Expense Ratio Explained in Plain English

Let’s talk Expense Ratios. Sounds super boring I know. Here’s the thing though…

… if you wanna build your own nest egg instead of pad the pockets of Wall Street fat cats, it pays to know what expense ratios are.

So below we’ll look at what expense ratios are, why you should care, and some other helpful odds and ends about this hidden profit killing expense.

What Is An Expense Ratio?

When you buy a mutual fund or ETF, there are people who manage that investment. And those people have costs associated with managing that fund or ETF. Accounting fees. Legal fees. Reporting fees. Armani suit fees.

Okay, made the last one up. But you get the picture. These are just the costs of doing business for a fund’s management team.

To cover the cost of these admin fees, funds and ETFs charge you what’s called an expense ratio. It’s an annual fee that gets invisibly deducted from your returns. You won’t get a bill for this fee.

An expense ratio is calculated by dividing all these costs by the funds/ETF’s average net assets.

At the end of the day, this is what it means to you…

… if you invest $10,000 in a fund/ETF with a 1% expense ratio, then $100 will automatically get swept outta your investment each year, never to be seen again.

Fees Not Included in the Expense Ratio

Keep in mind, the expense ratio doesn’t include all the fees you could be charged when investing in a mutual fund/ETF.

Any trading fees or brokerage cost the fund has for buying/selling stocks are not included. Also, if the fund charges a sales load when you buy/sell your shares, that ain’t included either.

(Quick note: This is a topic to dig deeper into another day, but NEVER buy a mutual fund that charges a sales load. Got it? Good! Okay, now back to your regularly scheduled program…)

Why Expense Ratios Matter

It’s a cost. And any cost you pay for investing reduces your returns.

Even a small difference in fees can add up to big bucks over time. Here’s an example…

Let’s say you invest $10,000 in an index fund that has low expense ratio of 0.1% (which is actually above average for an index fund). You add nothing else to those 10Gs. You just let them sit for 20 years and you average a 10% return. Over that time, the expense ratio will cost you $1212.68.

Now let’s say you invested that $10,000 in a actively managed mutual fund with an expense ratio of 2.5%. Again, you add nothing else and just let that sit there for 20 years and you average a 10% return. That will cost you a whopping $24,796.49 in fees over that time!!!

That’s a difference of $23,583.81!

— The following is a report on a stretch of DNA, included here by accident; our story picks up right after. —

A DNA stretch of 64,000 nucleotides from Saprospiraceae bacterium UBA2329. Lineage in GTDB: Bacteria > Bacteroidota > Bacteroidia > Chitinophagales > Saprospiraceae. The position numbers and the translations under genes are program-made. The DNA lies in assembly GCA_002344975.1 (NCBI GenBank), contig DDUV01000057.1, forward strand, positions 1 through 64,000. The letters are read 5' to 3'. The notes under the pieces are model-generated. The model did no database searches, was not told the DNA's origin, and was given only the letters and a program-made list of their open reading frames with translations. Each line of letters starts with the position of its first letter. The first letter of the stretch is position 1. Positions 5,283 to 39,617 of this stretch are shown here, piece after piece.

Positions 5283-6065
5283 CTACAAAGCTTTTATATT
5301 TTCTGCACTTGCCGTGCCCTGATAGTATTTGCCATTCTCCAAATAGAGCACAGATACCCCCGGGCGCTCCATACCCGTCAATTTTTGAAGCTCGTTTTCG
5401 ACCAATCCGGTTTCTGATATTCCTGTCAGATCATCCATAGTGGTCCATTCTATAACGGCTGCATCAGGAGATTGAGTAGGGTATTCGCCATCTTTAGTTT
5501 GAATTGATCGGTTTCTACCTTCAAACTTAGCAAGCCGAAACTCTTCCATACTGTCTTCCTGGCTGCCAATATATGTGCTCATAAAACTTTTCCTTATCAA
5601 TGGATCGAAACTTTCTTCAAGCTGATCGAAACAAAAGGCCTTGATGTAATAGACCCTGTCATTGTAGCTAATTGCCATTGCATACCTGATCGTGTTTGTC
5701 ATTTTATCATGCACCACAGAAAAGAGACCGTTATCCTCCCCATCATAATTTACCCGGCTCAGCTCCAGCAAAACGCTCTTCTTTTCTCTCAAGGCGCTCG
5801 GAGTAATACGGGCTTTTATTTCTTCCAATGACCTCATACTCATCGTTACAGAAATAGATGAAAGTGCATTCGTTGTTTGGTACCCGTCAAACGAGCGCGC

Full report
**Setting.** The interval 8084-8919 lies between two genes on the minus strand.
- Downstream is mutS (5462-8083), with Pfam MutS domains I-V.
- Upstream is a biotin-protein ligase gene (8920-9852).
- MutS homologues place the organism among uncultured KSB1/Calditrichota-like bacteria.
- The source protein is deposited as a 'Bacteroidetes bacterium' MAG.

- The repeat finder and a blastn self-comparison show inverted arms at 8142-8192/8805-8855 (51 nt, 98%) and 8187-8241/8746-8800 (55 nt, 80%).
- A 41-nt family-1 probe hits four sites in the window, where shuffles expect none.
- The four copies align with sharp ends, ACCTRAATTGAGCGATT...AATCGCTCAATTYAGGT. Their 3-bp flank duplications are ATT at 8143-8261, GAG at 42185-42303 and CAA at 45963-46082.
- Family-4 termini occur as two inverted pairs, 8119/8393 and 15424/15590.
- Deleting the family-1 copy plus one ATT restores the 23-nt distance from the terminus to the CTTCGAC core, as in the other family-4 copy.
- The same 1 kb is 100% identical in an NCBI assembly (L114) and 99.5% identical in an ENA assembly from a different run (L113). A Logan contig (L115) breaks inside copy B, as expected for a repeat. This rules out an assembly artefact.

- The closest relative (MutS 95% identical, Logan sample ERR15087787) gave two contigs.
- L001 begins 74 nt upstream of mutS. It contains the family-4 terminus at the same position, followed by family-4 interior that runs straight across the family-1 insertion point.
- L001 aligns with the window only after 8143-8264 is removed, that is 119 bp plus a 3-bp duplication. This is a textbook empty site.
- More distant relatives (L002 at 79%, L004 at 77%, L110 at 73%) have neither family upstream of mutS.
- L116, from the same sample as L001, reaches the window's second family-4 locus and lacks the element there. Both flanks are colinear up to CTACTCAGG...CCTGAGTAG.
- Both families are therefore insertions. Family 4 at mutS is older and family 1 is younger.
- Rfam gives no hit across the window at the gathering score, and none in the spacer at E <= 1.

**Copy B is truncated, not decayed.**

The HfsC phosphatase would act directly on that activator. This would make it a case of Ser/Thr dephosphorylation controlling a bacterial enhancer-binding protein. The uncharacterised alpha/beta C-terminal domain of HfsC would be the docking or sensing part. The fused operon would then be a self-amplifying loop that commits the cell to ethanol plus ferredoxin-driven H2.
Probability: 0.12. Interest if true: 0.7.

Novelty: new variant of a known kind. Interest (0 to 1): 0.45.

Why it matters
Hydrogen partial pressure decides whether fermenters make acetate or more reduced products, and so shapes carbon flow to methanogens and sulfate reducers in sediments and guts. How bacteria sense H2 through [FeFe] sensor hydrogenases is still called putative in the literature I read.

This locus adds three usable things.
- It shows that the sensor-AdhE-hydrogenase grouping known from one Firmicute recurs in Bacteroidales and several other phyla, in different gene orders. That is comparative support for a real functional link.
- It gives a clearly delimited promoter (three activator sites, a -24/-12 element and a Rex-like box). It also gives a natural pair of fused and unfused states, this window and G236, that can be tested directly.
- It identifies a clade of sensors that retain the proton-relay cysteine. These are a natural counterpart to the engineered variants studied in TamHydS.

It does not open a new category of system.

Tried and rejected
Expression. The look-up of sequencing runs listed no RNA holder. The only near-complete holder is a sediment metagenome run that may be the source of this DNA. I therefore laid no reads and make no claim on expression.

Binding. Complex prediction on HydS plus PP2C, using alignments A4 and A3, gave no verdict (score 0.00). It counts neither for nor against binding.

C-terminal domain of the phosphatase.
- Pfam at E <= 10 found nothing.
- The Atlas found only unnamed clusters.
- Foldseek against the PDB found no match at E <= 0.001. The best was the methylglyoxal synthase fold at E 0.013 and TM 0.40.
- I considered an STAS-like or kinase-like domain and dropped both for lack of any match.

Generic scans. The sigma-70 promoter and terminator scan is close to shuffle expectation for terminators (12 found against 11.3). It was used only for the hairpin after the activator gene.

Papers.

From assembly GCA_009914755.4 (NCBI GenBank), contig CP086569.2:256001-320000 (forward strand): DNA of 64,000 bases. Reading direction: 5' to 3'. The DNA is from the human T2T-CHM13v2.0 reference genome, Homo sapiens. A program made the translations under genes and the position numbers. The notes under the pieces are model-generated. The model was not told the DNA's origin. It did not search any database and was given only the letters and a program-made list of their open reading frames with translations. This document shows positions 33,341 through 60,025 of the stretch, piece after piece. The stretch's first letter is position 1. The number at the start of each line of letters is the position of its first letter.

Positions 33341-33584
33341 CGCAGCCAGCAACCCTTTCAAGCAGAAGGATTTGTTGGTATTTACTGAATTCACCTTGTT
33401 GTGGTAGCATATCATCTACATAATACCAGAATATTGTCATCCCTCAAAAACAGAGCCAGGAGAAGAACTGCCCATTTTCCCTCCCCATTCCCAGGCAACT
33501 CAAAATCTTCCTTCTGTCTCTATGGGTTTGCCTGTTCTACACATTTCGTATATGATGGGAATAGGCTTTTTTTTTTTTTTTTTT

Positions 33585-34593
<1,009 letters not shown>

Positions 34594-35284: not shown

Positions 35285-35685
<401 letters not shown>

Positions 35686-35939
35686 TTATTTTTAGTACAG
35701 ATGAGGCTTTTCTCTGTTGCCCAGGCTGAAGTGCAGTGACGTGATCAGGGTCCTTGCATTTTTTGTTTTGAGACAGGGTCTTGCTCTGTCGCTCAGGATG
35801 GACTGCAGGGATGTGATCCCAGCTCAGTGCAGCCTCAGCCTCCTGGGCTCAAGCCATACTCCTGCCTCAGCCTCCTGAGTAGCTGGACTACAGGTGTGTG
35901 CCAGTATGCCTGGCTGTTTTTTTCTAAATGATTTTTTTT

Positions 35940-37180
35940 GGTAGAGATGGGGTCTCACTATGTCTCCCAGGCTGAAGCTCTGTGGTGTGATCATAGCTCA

That’s money that could have gone toward your dream home, an around the world vacation or some of that Weird Al Yankovic autographed memorabilia you’ve had your eyes on for years (hey, we’re not judging here!).

Instead, that money funded the steering wheel on some fund manager’s 5th Ferrari.

Now if actively managed funds had returns that trounced those of index funds, then the added expense ratio would be totally worth it. But the truth is, over the long haul, there are precious few that do.

Where to Find Expense Ratios

Expense ratios are super easy to find. All you need to do is look up whatever fund or ETF you’re considering investing in on a site like Yahoo! Finance.

A Few More Odds and Ends About Expense Ratios

When comparing the expense ratios of funds/ETFs, you’ll want to compare funds/ETFs that target similar investment types.

Because the expense ratios charged by a gold ETF vs one charged by an international fund vs one charged by a large-cap fund will be different. (Large-cap funds will tend to have the lowest expense ratios and international funds the highest.)

Index funds that invest in stocks have an average expense ratio of 0.09% according to a 2016 report from the Investment Company Institute. Actively managed funds have an average expense ratio of 0.63%.

The Bottom Line on Expense Ratios

Expense ratios aren’t the end all be all. There are plenty of other considerations to think about before investing in a mutual fund or ETF. But expense ratios shouldn’t be ignored.

The good news is that they have been falling over the past few decades and are much lower these days. But, if you ignore them (especially for funds you have to pick in a 401K plan), you could be in for a nasty surprise when you see how much of your money you’ve been shoveling over to fund managers.